Anonymous said...

Jim is a class act all the way around - He even acknowledged some "journalist" who quite frankly could not hold a candle to his integrity and tenacity - people who hid behind the shield of investigative journalism while giving up their sources for their own benefit - sound familiar Chris?? His departure is a great loss for the community and journalism. As a subscriber and never a member of The Sentinel staff it is sad to see it has come to this. Perhaps The Sentinel needs to look into free distribution because it is now no better than a shopper. For what it is worth as a 50 year plus subscriber I will not be renewing.

Portd032 said...

Tonight crooked politicians and other scamsters in Central Florida can sleep well because Investigative Reporter Jim Leusner has left The Sentinel.
I met Jim when I was hired as a deputy metro editor in 1984.
Beyond any doubt he is one of the best.
Back in the mid-1980s if a big story broke and you needed the real story, and you needed it quick and right, there were three main reporters you wanted to put on the scent -- Jim, Roger Roy and Dan Tracy.
Jim is gone and so is Roger. All hope is not lost because the paper still has a few other great diggers, such as Hank Curtis, Mary Shanklin, Gary Taylor and Willoughby Marino, to name a few. I pray the editors have the good sense to do everything possible to keep them on the staff.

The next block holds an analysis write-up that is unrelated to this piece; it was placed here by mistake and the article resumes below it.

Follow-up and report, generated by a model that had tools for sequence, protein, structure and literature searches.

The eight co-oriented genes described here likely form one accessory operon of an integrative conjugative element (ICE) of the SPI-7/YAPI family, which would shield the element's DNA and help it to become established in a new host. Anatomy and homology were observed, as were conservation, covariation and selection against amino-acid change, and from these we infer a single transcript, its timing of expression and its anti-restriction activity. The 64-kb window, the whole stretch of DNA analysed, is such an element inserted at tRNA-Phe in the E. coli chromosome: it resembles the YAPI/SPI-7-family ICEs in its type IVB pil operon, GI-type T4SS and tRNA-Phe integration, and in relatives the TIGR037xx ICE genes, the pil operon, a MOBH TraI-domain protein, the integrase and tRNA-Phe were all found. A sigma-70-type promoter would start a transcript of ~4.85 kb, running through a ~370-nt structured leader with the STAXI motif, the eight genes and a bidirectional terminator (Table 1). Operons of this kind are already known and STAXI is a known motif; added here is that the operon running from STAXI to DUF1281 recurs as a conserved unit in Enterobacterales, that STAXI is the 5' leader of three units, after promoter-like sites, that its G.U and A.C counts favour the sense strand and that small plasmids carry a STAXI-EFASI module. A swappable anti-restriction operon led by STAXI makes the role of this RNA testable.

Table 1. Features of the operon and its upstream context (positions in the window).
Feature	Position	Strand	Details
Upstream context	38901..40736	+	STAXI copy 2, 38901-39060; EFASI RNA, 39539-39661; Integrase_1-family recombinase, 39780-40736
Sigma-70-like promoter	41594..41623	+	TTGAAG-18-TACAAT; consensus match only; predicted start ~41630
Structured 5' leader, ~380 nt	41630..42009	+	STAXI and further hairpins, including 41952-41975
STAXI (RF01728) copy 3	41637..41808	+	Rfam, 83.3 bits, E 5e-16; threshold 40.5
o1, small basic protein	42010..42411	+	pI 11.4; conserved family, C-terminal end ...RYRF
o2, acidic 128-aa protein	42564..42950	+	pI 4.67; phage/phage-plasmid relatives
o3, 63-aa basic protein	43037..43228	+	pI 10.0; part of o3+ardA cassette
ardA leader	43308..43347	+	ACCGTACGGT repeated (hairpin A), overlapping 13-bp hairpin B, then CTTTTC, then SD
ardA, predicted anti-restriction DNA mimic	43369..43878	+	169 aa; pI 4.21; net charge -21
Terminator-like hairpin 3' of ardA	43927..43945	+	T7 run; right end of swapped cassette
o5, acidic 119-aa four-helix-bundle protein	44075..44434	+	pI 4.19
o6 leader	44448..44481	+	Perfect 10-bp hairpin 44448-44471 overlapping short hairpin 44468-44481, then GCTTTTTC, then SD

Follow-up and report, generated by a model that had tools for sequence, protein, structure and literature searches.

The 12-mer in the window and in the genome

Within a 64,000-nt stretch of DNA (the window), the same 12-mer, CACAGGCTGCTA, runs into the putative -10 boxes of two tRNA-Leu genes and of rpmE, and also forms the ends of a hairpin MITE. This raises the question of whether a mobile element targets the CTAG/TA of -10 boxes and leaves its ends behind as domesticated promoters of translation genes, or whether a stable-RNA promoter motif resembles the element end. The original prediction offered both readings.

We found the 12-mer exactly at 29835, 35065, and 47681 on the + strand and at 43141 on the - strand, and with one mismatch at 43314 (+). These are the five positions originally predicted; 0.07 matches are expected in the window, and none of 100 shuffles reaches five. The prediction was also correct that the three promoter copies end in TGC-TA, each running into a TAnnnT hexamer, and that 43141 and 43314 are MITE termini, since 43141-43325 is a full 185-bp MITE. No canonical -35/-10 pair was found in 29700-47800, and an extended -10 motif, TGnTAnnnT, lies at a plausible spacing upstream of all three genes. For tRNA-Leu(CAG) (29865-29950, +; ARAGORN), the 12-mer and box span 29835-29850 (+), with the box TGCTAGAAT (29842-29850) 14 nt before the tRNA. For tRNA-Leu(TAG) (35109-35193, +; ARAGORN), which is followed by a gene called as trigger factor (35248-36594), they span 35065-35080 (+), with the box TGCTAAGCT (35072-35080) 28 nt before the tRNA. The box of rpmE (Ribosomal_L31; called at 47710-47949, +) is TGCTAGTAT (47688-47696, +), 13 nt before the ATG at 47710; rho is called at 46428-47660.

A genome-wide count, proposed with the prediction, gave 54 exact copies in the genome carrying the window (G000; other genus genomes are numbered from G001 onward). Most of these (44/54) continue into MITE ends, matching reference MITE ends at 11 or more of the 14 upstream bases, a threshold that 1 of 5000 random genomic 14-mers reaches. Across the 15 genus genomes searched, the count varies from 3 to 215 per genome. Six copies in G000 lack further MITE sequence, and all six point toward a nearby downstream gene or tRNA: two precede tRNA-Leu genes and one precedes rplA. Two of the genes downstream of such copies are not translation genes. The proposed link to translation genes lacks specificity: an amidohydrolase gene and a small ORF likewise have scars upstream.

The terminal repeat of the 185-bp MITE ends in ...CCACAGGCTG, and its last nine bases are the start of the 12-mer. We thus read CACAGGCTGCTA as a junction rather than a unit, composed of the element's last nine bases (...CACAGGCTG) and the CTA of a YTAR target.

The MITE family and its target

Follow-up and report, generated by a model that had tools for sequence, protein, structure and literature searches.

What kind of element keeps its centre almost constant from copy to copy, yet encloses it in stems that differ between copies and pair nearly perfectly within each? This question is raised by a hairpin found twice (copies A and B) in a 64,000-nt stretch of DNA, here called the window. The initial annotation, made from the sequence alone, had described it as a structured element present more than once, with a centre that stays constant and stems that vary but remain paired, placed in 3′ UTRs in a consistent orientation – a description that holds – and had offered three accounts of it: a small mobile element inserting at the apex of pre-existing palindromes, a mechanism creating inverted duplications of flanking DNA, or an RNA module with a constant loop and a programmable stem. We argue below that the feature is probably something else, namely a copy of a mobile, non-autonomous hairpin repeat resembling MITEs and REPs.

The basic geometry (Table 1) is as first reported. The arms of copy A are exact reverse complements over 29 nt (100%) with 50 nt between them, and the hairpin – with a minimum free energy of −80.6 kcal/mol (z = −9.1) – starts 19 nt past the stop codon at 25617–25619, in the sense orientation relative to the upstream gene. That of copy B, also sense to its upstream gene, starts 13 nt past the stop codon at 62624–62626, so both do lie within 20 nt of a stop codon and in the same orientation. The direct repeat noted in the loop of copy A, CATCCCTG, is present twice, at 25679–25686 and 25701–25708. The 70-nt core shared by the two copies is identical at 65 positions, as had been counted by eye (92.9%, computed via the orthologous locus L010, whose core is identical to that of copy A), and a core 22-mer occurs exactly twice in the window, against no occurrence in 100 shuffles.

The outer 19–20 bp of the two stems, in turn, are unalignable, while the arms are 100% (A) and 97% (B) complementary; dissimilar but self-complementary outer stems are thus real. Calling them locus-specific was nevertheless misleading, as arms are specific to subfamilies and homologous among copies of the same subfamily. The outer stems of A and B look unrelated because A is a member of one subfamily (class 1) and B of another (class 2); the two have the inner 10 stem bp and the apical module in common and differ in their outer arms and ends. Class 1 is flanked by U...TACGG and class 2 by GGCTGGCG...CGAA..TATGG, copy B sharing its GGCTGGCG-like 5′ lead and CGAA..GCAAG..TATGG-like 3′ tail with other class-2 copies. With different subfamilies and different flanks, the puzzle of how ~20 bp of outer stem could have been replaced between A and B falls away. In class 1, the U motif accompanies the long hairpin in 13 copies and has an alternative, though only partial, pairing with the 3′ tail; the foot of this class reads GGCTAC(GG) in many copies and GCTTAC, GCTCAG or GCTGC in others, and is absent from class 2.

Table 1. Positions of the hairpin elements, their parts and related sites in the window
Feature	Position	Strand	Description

The paper needs them. This community needs and deserves a strong newspaper staffed by journalists who are smart, creative, tireless, fearless hunters of the truth.

brad kuhn said...

A sad day indeed. Vaya con dios Jim. I've always had the deepest respect and admiration for your work. You, Dan Tracy, Manning Pynn, Dick Marlowe, (and others I know I'm slighting) have always embodied the best of journalism. A Jim Leusner byline was like the Good Housekeeping seal of approval. I wish you nothing but the best.

Anonymous said...

OMG! How could I have forgotten Jeff Kunerth ...

Portd032 said...
This comment has been removed by the author.
Portd032 said...

Jeff Kunerth, indeed, the Sentinel's master story teller and Mike Thomas and Scott Maxwell are the crown jewels of the franchise and the only reason why I haven't canceled my subscription.
We all know the buyouts and terminations have been awful, but they aren't the end of the world if the paper's leadership would use the remaining assets responsibly.
Just like in the Kenny Rogers song every hand is a winner and every hand is a loser, it just depends how you play the cards.
People accustomed to getting their news online aren't suddenly going to ditch their laptops and pick up the paper because the front page has been dumbed down with huge graphics and pointless factoids (such as how many pounds of milk are produced annually by a Florida dairy cow). Please don't read that as me trying to diss Bonita. Great graphics certainly can help tell the story, but they shouldn't take over the story. The writing counts, too!
Loyal Sentinel readers of all ages read it because they truly love a newspaper, the look of it, the feel of it.
I spent three decades as a newspaperman (never liked calling myself a journalist) but now I'm a consumer and what I think ought to count for something.
My daughter, the author of this blog is an 18 year old FSU sophomore, and she reads the newspaper for serious news. Granted she grew up in a newspaper home, but we recently went to Nassau and the first thing she wanted to do was to pick up the local newspaper to see how they handled the news. She has an intense interest in politics and world affairs. So take that as proof that a serious newspaper can attract and hold young readers.

August 2, 2008 7:15 AM